“We have a great core of salespeople with high product knowledge and experience. They know what to ask – about how they use their vehicles and what qualities they’re looking for – and know the differences between products. You have two ears and one mouth for a reason, and you have to listen more than you talk.”
– Dave Morgan, – Quality Bumper Co.

“I’ll ask what they’re using their truck for. Is it a daily driver? Or is it a work truck? We offer different products with different qualities, including durability, grip and appearance; and we talk with them until we find a good fit.”
– Allen Reed, – Rhino Linings of Seattle

“Selling bed protection at retail is the same as selling a TV or anything else – the same rules apply. We suggest that our salespeople get out from behind the counter and go visit the customer’s vehicle: What do they like? What do they know about liners? How do they use their vehicle? It’s a personal touch.”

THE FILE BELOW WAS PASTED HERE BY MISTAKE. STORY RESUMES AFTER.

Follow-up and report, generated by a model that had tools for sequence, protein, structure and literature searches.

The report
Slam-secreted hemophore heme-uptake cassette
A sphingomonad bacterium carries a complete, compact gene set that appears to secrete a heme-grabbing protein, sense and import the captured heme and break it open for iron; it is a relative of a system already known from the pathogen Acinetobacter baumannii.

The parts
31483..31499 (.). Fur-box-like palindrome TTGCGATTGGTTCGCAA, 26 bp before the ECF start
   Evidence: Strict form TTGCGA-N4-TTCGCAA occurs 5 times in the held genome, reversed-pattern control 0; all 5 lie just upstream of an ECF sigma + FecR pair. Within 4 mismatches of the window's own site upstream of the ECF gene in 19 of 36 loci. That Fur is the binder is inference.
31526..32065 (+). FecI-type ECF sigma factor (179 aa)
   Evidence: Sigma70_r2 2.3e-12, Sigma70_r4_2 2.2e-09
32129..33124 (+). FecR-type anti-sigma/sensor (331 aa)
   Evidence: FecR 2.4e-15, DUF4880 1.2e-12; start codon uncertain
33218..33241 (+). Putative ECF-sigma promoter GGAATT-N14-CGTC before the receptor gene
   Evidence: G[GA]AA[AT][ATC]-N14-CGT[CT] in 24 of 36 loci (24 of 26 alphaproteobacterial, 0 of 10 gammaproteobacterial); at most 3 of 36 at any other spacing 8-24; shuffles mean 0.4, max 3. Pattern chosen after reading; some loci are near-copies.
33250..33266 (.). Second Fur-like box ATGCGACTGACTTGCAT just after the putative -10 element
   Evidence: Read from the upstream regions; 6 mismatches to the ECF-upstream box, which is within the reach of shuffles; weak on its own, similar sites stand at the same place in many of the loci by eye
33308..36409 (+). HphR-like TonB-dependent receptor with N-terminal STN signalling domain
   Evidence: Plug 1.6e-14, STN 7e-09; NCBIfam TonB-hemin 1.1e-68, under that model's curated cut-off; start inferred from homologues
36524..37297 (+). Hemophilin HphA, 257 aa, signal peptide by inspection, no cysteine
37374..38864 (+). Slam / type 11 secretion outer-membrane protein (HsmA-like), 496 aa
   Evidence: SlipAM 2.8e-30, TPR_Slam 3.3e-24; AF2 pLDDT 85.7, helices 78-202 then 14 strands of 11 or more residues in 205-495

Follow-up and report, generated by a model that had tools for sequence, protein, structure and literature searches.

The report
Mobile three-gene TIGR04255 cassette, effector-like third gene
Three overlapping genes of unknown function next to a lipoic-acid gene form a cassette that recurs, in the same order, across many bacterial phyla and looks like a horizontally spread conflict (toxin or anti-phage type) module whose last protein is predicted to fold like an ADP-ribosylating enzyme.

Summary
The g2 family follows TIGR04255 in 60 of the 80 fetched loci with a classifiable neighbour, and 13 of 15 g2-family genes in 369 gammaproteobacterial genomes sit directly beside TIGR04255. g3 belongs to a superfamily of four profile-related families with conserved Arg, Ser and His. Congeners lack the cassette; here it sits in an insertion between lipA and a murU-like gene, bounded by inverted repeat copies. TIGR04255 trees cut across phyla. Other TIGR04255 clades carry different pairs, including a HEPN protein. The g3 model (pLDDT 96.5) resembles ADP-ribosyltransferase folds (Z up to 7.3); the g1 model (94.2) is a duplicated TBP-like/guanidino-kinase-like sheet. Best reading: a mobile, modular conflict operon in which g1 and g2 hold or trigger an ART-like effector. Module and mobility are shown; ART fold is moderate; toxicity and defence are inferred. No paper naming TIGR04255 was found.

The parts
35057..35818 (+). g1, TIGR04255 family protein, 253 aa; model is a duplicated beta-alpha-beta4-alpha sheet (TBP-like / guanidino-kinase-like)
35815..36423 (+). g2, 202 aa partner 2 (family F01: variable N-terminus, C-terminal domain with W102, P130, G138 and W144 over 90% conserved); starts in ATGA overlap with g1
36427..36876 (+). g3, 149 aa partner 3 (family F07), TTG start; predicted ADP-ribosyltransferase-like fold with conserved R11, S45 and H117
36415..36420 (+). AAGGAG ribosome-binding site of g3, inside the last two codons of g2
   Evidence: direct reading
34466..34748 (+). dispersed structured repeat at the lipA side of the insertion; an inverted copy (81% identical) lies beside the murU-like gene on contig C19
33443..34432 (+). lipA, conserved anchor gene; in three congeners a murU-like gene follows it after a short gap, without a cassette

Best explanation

– Tim Rose, Truck Toys

“Is it a casual user? Is it a work truck or courier truck? What outdoor activities do they do? What will they haul? All those answers guide what product they need. All trucks need bed protection. It’s just a question of which kind. Keep talking and working down until you determine what is best.”
– Charles Matocha, – DFW Camper Corral

“What will the truck do for them? Do they drive it to the grocery store and want to cover the bed? What is their lifestyle? Do they do gardening and landscaping where they’re hauling stone? Or is it just softball practice or even an older couple that travels? I try to best associate their liner with their lifestyle.”